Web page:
For the first time, the city was talked about in 1078 in a document. It developed its civil liberties and a court system in the 12th century. Its name, which terminates in “ingen,” is a powerful indication of its Alemanic tribes establishment.
Tübingen was taken over by count Ulrich III in 1342 and integrated into the County of Württemberg. In the mid 50s, it transformed itself into a very socio-economically divided city.
Tübingen created its own image of a peaceful town where underprivileged local farmers and tradesmen were lived along the City Canal. Students and academics resided in the region of the old university buildings.
Its governmental area was extended away from the core town to take in a number of outlying small towns and villages in the second half of the 20th century.
According to its 2002 census, the city had nearly 25% students of its all population. It could well be portrayed as a blend of old and eminent academic flair together with liberal politics and German-style fraternities. It is also home to a lot of appealing buildings from earlier centuries which could be seen on the Neckar river.
That river splits Tübingen into two streams. The stretched out 1500 meter-long Neckar Island is renowned for its Planes Avenue by way of its high plane trees. Some of the trees are more than 200 years old! Pedestrians might only get there using stairs on the thin ends.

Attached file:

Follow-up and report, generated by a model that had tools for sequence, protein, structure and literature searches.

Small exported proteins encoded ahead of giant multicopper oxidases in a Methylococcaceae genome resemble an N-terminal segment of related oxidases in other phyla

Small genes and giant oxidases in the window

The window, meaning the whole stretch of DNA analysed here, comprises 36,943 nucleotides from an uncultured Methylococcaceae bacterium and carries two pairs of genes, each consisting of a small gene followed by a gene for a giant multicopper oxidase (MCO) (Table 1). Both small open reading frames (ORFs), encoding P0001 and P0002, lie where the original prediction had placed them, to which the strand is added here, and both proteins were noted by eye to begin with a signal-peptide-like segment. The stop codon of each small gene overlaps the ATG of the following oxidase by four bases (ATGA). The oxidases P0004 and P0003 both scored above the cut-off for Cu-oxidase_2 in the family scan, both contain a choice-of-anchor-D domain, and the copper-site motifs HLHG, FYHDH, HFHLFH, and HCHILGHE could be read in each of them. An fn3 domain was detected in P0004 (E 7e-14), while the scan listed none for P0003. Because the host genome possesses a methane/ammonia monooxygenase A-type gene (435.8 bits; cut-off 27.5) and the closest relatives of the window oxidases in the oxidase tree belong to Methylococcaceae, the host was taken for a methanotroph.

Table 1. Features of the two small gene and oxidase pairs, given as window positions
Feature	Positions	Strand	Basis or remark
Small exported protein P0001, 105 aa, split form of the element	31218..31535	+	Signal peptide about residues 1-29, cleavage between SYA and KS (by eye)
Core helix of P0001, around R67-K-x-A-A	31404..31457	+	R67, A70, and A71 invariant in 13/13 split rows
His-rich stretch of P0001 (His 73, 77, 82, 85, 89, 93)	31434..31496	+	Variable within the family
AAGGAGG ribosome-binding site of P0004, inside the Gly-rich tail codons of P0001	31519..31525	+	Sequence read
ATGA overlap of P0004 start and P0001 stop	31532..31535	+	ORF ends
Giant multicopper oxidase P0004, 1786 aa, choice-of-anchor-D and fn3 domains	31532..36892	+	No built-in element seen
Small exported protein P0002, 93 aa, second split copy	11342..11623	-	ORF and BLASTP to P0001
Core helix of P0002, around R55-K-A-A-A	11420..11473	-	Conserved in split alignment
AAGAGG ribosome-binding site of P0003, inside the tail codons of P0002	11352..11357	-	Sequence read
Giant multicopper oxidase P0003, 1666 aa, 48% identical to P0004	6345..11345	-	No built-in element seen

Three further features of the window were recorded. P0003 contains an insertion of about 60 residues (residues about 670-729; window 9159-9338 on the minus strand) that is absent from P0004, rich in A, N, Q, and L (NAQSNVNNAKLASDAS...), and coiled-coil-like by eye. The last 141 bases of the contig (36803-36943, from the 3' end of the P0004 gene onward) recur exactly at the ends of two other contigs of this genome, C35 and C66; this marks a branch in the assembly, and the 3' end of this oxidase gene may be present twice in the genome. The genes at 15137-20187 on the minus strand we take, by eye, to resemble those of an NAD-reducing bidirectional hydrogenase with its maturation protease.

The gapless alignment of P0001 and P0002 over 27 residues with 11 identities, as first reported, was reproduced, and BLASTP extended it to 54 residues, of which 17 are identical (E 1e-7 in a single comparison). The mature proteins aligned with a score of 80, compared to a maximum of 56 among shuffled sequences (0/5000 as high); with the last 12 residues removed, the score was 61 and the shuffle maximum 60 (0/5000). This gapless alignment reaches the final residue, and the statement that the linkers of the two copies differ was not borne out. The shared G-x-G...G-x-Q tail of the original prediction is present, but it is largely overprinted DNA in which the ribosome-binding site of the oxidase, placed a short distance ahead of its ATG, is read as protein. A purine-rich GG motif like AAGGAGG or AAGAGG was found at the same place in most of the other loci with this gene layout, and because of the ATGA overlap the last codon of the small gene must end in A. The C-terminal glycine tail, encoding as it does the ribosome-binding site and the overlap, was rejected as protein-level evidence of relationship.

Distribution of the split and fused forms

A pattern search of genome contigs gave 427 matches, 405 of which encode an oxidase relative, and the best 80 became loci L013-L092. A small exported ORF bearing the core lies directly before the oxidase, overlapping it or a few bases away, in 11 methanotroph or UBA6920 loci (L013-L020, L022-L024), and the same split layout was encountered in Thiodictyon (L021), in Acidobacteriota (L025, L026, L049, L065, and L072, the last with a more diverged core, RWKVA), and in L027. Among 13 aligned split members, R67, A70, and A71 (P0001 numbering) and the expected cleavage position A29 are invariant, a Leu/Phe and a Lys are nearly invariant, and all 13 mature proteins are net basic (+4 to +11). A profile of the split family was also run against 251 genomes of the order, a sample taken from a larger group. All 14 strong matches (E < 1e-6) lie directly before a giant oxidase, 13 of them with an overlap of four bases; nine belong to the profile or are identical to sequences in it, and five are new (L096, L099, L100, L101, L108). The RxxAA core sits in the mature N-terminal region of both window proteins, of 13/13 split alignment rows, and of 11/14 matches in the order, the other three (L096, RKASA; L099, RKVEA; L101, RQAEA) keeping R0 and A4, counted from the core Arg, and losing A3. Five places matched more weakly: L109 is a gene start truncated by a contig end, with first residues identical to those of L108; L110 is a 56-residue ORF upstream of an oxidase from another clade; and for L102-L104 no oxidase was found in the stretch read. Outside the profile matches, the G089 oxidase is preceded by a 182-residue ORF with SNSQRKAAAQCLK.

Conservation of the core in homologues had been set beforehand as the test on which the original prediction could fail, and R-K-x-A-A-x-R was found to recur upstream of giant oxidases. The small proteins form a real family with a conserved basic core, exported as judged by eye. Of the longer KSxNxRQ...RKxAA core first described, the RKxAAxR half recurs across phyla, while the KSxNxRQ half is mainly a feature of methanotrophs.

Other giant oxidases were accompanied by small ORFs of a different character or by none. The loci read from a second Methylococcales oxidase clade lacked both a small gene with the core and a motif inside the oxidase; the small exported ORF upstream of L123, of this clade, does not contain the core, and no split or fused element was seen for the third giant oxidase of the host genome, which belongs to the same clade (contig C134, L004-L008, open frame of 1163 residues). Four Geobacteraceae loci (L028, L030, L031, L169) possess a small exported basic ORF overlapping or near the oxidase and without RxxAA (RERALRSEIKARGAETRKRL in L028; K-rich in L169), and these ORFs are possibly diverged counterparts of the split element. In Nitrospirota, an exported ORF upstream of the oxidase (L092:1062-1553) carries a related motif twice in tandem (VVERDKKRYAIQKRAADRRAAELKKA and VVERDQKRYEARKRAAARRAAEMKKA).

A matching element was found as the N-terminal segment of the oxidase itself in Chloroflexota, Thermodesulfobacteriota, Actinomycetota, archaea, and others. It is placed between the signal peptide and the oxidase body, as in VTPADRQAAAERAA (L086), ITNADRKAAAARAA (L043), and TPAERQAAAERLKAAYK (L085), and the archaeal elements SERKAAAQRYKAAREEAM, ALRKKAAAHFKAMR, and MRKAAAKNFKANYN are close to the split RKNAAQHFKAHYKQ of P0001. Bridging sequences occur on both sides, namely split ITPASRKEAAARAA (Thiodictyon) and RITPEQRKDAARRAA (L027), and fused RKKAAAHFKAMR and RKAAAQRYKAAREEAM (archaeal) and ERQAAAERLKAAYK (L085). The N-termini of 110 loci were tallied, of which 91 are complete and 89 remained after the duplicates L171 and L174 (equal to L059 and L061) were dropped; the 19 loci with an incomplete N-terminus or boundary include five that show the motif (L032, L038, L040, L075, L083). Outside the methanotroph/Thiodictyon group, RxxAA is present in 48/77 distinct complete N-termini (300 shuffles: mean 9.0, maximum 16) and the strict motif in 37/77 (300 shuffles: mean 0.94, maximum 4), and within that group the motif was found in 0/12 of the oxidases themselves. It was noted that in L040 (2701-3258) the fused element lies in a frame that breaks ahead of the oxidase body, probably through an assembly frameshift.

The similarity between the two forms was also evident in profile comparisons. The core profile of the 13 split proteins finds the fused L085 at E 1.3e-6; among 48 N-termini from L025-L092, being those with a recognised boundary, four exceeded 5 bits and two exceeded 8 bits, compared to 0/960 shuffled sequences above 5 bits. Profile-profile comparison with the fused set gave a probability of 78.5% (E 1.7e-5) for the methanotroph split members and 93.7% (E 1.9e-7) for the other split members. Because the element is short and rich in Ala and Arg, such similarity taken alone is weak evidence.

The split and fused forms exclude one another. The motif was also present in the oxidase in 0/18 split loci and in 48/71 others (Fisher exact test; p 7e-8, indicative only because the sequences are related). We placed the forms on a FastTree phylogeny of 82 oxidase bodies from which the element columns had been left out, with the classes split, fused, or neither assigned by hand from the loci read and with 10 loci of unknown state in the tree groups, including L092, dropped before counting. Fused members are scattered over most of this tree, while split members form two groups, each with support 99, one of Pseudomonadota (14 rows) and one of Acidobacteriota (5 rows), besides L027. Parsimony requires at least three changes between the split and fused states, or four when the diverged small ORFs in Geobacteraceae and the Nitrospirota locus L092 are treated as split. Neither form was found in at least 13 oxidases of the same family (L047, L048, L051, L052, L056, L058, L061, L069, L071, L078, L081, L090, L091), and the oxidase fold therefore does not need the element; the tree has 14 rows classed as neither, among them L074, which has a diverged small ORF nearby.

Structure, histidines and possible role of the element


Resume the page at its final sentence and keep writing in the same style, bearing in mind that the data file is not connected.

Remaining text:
For the duration of the summer, Tübingen transforms itself into the site for concerts, plays and literary readings. Old town, which endured the Second World War, is a popular tourist site in the city. The tourist attractions in Old town comprise its twisted cobblestone tracks, narrow-stair alleyways and conventional half-timbered houses.
Other landmarks Tübingen embrace is the City Hall on Market Square and the famous castle called Schloß Hohentübingen. This castle has now become a part of the University of Tübingen.
The Collegiate Church is the central landmark of the town. The Stiftskirche, all along with the rest of the city, was one of the foremost to alter to Martin Luther’s protestant church.
The town is the site of weekly and recurring events, together with usual market days on Holzmarkt (near Stiftskirche), as well as the Marktplatz near town hall (Rathaus).
You will also get to spot an outdoor cinema in winter and summer, Christmas markets in winters, and Europe’s biggest Afro-Brazilian festival in July.